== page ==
The next time you turn on your faucet, think about where the water comes from, how it gets to you, and what can you do to protect it. Not everyone has the same access most of us have to safe, clean water from a convenient tap. There are communities here in Washington that struggle with keeping their drinking water infrastructure updated. Low-income communities face financial challenges if their water pump goes out or the water main breaks. Other communities can’t use their water due to contaminants such as PFAS or nitrates.
To address some of these challenges, the Office of Drinking Water actively supports our communities’ drinking water systems. This can include preparing for climate change and severe weather events, protecting water resources, maintaining and replacing aging infrastructure, and economic development for struggling communities. Our Drinking Water State Revolving Fund program offers low to no interest loans. They prioritize loans based on the public health risk addressed by a proposed project. You can read about some of our local communities’ successful projects on our StoryMap webpage.
DWSRF Updates from the First 2023 DWAG Meeting
Monday, March 6, we held our first Drinking Water Advisory Group (DWAG) meeting of 2023. Topics discussed included funding information available through our Drinking Water State Revolving Fund program. Jocelyne Gray, DWSRF Engineer, highlighted two aspects of DWSRF funding:
- General DWSRF Funding.
- Lead Service Lines Loans.
The DWSRF Funding presentation gives an overview of the DWSRF funding and then explains steps for water systems to take to be eligible for construction funding. The previous Preconstruction loan is now named the Planning and Engineering loan. The presentation outlines the preparation process or how to be successful, eligibility, financial viability, contact information, and more.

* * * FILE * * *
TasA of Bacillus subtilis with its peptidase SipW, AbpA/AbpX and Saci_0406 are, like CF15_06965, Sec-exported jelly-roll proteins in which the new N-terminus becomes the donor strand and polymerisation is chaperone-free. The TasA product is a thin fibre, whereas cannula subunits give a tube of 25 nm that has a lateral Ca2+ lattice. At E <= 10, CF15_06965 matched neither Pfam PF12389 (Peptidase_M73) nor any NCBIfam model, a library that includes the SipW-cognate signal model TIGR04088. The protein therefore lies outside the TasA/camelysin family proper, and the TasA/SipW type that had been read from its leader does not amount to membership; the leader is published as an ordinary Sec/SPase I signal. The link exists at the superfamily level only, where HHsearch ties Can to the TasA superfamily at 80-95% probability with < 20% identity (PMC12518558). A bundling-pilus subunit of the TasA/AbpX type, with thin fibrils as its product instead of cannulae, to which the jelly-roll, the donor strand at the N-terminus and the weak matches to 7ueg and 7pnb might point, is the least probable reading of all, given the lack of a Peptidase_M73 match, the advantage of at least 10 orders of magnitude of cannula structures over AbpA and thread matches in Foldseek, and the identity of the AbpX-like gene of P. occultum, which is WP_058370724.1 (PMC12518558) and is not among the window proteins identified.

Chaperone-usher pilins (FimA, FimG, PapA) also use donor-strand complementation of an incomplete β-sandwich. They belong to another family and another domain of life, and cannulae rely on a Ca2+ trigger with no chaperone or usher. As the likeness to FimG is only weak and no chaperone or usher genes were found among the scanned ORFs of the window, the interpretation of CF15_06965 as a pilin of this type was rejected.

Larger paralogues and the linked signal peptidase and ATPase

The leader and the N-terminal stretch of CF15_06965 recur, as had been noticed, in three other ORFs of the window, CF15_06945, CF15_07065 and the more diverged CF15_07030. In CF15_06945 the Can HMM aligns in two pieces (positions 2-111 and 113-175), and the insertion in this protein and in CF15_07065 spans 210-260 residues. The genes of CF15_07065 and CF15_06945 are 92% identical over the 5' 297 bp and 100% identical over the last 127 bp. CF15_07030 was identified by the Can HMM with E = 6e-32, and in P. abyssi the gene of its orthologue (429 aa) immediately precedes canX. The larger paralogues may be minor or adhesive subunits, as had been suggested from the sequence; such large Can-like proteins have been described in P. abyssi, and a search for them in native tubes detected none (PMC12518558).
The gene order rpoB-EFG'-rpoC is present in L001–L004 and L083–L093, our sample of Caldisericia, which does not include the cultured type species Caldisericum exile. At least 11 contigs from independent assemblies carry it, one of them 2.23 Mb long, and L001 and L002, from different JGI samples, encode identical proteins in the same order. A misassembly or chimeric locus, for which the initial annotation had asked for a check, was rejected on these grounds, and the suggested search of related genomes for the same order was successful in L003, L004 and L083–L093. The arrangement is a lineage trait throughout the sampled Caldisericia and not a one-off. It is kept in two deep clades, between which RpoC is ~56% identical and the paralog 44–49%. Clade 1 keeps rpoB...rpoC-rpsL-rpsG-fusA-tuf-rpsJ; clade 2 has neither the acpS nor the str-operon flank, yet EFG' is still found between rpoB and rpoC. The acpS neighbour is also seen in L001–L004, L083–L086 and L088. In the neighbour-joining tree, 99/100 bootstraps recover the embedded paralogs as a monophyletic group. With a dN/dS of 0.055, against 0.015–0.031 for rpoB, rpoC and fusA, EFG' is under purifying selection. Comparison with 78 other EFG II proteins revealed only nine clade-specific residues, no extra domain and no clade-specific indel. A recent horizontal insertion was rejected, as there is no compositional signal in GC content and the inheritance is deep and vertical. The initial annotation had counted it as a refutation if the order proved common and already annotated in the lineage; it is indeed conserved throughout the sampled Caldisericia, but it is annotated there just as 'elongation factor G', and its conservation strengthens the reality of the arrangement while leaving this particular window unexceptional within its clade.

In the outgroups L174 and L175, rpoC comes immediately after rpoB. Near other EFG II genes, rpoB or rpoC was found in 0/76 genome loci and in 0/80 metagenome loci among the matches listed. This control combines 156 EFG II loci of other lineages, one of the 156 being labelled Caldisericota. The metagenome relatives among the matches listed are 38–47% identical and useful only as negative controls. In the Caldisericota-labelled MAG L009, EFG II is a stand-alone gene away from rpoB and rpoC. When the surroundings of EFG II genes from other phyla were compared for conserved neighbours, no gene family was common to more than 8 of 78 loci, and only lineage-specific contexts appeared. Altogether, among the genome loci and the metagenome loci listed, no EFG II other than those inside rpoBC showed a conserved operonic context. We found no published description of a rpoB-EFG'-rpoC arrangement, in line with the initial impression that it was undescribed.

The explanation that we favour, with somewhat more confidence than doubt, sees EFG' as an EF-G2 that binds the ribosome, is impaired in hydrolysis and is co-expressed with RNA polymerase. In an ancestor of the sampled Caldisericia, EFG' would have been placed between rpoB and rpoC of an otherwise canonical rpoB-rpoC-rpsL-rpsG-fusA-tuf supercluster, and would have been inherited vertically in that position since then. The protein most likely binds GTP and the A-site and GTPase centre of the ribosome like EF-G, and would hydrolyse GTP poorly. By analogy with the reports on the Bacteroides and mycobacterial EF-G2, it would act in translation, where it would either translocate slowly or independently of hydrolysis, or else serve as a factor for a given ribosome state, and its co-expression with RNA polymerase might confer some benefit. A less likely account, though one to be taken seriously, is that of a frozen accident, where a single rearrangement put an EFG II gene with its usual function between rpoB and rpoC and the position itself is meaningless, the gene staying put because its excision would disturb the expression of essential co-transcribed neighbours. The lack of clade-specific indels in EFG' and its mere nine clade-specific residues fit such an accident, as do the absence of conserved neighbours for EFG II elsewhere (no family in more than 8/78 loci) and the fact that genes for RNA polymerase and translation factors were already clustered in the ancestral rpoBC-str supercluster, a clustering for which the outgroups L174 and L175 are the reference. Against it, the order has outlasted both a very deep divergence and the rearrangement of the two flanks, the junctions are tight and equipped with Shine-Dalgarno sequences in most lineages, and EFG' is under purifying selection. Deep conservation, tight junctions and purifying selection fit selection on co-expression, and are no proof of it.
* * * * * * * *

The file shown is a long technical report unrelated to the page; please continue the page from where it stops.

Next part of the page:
The Lead Service Line Inventory Loan presentation outlines the monies available, eligibility requirements and deadlines, lead service line replacements, the focus on disadvantaged communities, and information on two upcoming webinars (listed on the DWSRF home page) to help you understand the funding available. You’ll also find new publications and a link to our Rulemaking webpage.
Reliable Repeats: H2Ops Fall 2018
The Big Reveal: What Happens to Your Waer Sample at the Lab?
You may be familiar with labs and water sample analyses for analytes like chlorine, pH, and turbidity. But what happens to the water samples you drop off at a certified public laboratory? This article unravels the mystery behind the certified public laboratory.
It all starts with water system personnel. You are the front line of defense in supplying your customers with safe and reliable drinking water. We collaborate with you in this effort by supplying you with helpful compliance tools like your Water Quality Monitoring Schedule (WQMS). Your WQMS provides a schedule of water sampling criteria for each of your water sources, lets you know what type of samples to collect, and sets a timeframe for collecting them.